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-   -   Not understanding AoA indicators... (https://www.airlinepilotforums.com/safety/84956-not-understanding-aoa-indicators.html)

USMCFLYR 11-10-2015 04:22 PM

Where is that YAWN icon?
A quote from an article/announcement isn't a disclaimer.

cardiomd - you spend MUCH more time on here telling everyone THEY don't need something than I do offering my opinion of AoA.
But you keep on with your imaginative comebacks!

And yes -- I'd love to have that gauge in my cockpit.

METO Guido 11-11-2015 10:14 AM

Never seen anything like that. Green is on target pitch, red is too high, what's yellow doing? Only air-cooled engine I got runs a pressure cleaner pump. But I suppose if I was fortunate enough, wealthy enough, to be an airplane owner...no I wouldn't cough up the extra 3K or chop up my glare-shield unless I had too. Is there a rule change pending?

FDXLAG 11-11-2015 11:53 AM


Originally Posted by USMCFLYR (Post 2008843)
Where is that YAWN icon?
A quote from an article/announcement isn't a disclaimer.

cardiomd - you spend MUCH more time on here telling everyone THEY don't need something than I do offering my opinion of AoA.
But you keep on with your imaginative comebacks!

And yes -- I'd love to have that gauge in my cockpit.

I had to give up, if you claimed in a thread on single malts that Oban is near the top Doc would retort that you are trying to force him into giving up his Jim Beam.

USMCFLYR 11-11-2015 01:01 PM


Originally Posted by METO Guido (Post 2009170)
Never seen anything like that. Green is on target pitch, red is too high, what's yellow doing? Only air-cooled engine I got runs a pressure cleaner pump. But I suppose if I was fortunate enough, wealthy enough, to be an airplane owner...no I wouldn't cough up the extra 3K or chop up my glare-shield unless I had too. Is there a rule change pending?

The only rule change were ones making it EASIER to put an AoA in your plane IF you wanted one.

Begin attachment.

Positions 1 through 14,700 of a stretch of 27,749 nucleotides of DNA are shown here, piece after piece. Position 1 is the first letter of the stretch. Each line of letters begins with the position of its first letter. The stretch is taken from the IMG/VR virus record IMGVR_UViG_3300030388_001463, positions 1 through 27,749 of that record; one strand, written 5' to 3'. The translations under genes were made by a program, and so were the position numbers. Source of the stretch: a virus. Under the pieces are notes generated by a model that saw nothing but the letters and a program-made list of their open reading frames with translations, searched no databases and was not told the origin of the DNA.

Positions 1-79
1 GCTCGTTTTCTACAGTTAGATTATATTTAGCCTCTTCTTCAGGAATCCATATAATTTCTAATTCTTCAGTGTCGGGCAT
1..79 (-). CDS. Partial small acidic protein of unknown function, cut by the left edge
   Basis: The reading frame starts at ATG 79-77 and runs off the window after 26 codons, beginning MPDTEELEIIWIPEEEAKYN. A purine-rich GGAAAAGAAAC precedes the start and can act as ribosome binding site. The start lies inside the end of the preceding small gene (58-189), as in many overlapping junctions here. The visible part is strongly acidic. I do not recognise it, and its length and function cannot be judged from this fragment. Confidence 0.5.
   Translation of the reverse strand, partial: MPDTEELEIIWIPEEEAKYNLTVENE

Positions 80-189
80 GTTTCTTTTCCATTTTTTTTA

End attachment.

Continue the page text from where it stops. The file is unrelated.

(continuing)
Bumper 11-17-2015 01:18 PM

http://1.usa.gov/1STI0Sd

Just this emailed to me from FAAsafety.gov

WhistlePig 11-17-2015 02:15 PM

I'd like one with an amber on-speed donut, and green slow/red fast chevrons. But that's just personal preference :D

USMCFLYR 12-01-2015 07:57 AM

A very good and detailed description of some of the benefits that some might find with an installed AoA system for GA aircraft.

Why We Fly Alpha

I've had a little interaction with two of the participants and find their work to be very helpful. Thanks for the efforts gentlemen.

RhinoPherret 12-01-2015 09:36 AM


Originally Posted by USMCFLYR (Post 2019469)
A very good and detailed description of some of the benefits that some might find with an installed AoA system for GA aircraft.

Why We Fly Alpha

I've had a little interaction with two of the participants and find their work to be very helpful. Thanks for the efforts gentlemen.

Great article!
Very informative and bears out what a lot of us already knew and why we use AOA.

cardiomd 06-14-2016 06:12 AM

Another SR20 down in typical fashion. :( In order to fly this plane safely, you must understand it, why she couldn't get down quickly, and why she spun it in the pattern.

Kathryn's Report: Cirrus SR20, N4252G, Safe Aviation LLC: Fatal accident occurred June 09, 2016 near Hobby Airport (KHOU), Houston, Texas

And a quote I wrote a few years ago (my bolding):



Originally Posted by cardiomd (Post 1919589)
Despite this, I like the plane. I very nearly bought one, and they are much more affordable than even a new Cessna 182 (SR20 is half the price). However, I like the joy of flight too much to fly the spring-loaded plane that needs to be operated in such a fashion - again, I would not "have fun" or explore the envelope in this plane. It is a high performance transport craft and should be respected as such.

In fact, I might even want an AOA gauge if I flew a plane with the SR22's airfoil, (much as I would want one if I flew an F-16 or an A320.)

But, I don't, so I don't. ;)


rickair7777 06-14-2016 06:55 AM


Originally Posted by cardiomd (Post 2144856)
Another SR20 down in typical fashion. :( In order to fly this plane safely, you must understand it, why she couldn't get down quickly, and why she spun it in the pattern.

Kathryn's Report: Cirrus SR20, N4252G, Safe Aviation LLC: Fatal accident occurred June 09, 2016 near Hobby Airport (KHOU), Houston, Texas

And a quote I wrote a few years ago (my bolding):


Wonder if any ATC changes will come out of this one, sure looks like ATC might be a contributing factor...bet she wouldn't have crashed if she had got a long base to a nice stable 3-4 mile final.


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